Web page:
Remember when year after year Eagles fans kept saying “this is the year Zach Ertz breaks out” but then it kept on not happening? Well 2017 changed that for Ertz. Before 2017 the most touchdowns he had in a season was four - in 2018 he scored eight touchdowns. It didn’t stop there. In the playoffs Ertz didn’t hide from the pressure, as he ended up recording 18 receptions and scored the game-winning touchdown of Super Bowl LII. 2018 was an even better year statistically for Ertz, as he broke the NFL record for most receptions by a tight end. He currently has the 9th-most receiving yards in Eagles history, and with another Pro Bowl caliber season he will jump into the top five in franchise history. He also currently has the 3rd-most receptions, and will jump up to 2nd-most at some point in 2019. Ertz is already an Eagles legend for what he did these past two seasons, but the scary thing is he is just hitting the prime of his career.


36) K David Akers (1999-2010)

Stats as an Eagle: 188 games, 294 field goals (82.4% made), 441 extra points (98.7%), 1,323 points

Accolades: 5x Pro Bowler, 1x All-Pro, NFL 2000s All-Decade Team, Eagles 75th Anniversary Team, Eagles Hall of Famer


Akers is unequivocally the greatest kicker in Eagles history. He spent 12 seasons in Philadelphia, making Pro Bowl teams in five of those years. Akers holds the franchise record for games played. He also has the most field goals made in Eagles history, making over 200(!!!!) more field goals than the guy with the 2nd-most made kicks. He was named to the NFL’s All-Decade Team for the 2000’s and holds the league record for most points scored in a calendar decade with 1,169 in that 2000’s decade.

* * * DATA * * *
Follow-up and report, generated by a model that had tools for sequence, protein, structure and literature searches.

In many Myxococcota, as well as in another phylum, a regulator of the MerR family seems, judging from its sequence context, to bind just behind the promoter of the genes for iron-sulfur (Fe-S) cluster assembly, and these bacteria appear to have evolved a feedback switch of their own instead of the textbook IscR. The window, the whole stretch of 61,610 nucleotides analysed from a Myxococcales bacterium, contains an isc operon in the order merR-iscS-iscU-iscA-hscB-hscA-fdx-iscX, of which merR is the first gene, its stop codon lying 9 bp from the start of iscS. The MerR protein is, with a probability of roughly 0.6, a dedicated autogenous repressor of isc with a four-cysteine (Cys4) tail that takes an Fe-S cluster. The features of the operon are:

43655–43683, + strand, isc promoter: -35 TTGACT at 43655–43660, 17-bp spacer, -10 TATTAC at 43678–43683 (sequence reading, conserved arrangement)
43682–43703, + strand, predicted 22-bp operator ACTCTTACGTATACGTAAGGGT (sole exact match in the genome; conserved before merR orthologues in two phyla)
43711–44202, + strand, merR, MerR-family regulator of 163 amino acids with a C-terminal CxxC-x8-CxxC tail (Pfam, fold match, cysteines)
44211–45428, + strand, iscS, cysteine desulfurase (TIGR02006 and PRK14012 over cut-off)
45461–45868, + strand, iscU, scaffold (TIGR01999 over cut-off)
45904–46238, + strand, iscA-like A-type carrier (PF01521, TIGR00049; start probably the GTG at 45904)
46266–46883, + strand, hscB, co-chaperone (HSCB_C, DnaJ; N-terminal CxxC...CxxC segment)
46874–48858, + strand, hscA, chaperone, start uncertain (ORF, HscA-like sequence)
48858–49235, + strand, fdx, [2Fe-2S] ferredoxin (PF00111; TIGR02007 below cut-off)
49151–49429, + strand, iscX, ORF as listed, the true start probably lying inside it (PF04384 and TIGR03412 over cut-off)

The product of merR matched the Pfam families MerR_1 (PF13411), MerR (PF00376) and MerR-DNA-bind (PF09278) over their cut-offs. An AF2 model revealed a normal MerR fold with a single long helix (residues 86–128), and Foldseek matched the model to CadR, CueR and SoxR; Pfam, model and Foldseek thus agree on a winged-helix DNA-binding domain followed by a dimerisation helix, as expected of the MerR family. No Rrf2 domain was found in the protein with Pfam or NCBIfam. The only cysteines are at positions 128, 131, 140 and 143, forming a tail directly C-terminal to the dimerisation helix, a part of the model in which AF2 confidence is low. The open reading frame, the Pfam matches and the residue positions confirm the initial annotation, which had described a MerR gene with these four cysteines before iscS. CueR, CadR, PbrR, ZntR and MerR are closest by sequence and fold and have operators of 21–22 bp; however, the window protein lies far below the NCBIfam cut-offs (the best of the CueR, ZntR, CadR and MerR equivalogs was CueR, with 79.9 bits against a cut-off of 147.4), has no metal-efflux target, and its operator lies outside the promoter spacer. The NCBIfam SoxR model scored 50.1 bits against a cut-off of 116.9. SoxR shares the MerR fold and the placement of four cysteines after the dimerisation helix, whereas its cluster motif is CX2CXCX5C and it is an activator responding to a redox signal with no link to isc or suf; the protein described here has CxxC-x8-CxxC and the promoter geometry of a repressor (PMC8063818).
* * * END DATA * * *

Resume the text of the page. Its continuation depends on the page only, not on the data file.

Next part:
35) WR DeSean Jackson (2008-2013; present)

Stats as an Eagle: 87 games, 356 receptions, 6,117 receiving yards, 32 rec TDs

Accolades: 3x Pro Bowler


There was a lot of hype surrounding the draft selection of DeSean Jackson. The Eagles were set to finally have their electrifying wide receiver that Donovan McNabb desperately needed. He was all of that and more in his first six years in Philadelphia. Jackson has the 4th-most receiving yards, 9th-most receptions, 9th-most receiving touchdowns, 2nd-most punt return yards, and the most punt return touchdowns in Eagles history. His most memorable play in an Eagles uniform was that legendary punt return touchdown to complete one of the greatest comebacks in NFL history. He was set to become probably the greatest Eagles receiver of all-time, until Chip Kelly told him to scram. Now in 2019 he is back in the place his heart belongs to, and is ready to try and earn his first Super Bowl victory, while still climbing up the Eagles’ all-time leaders list.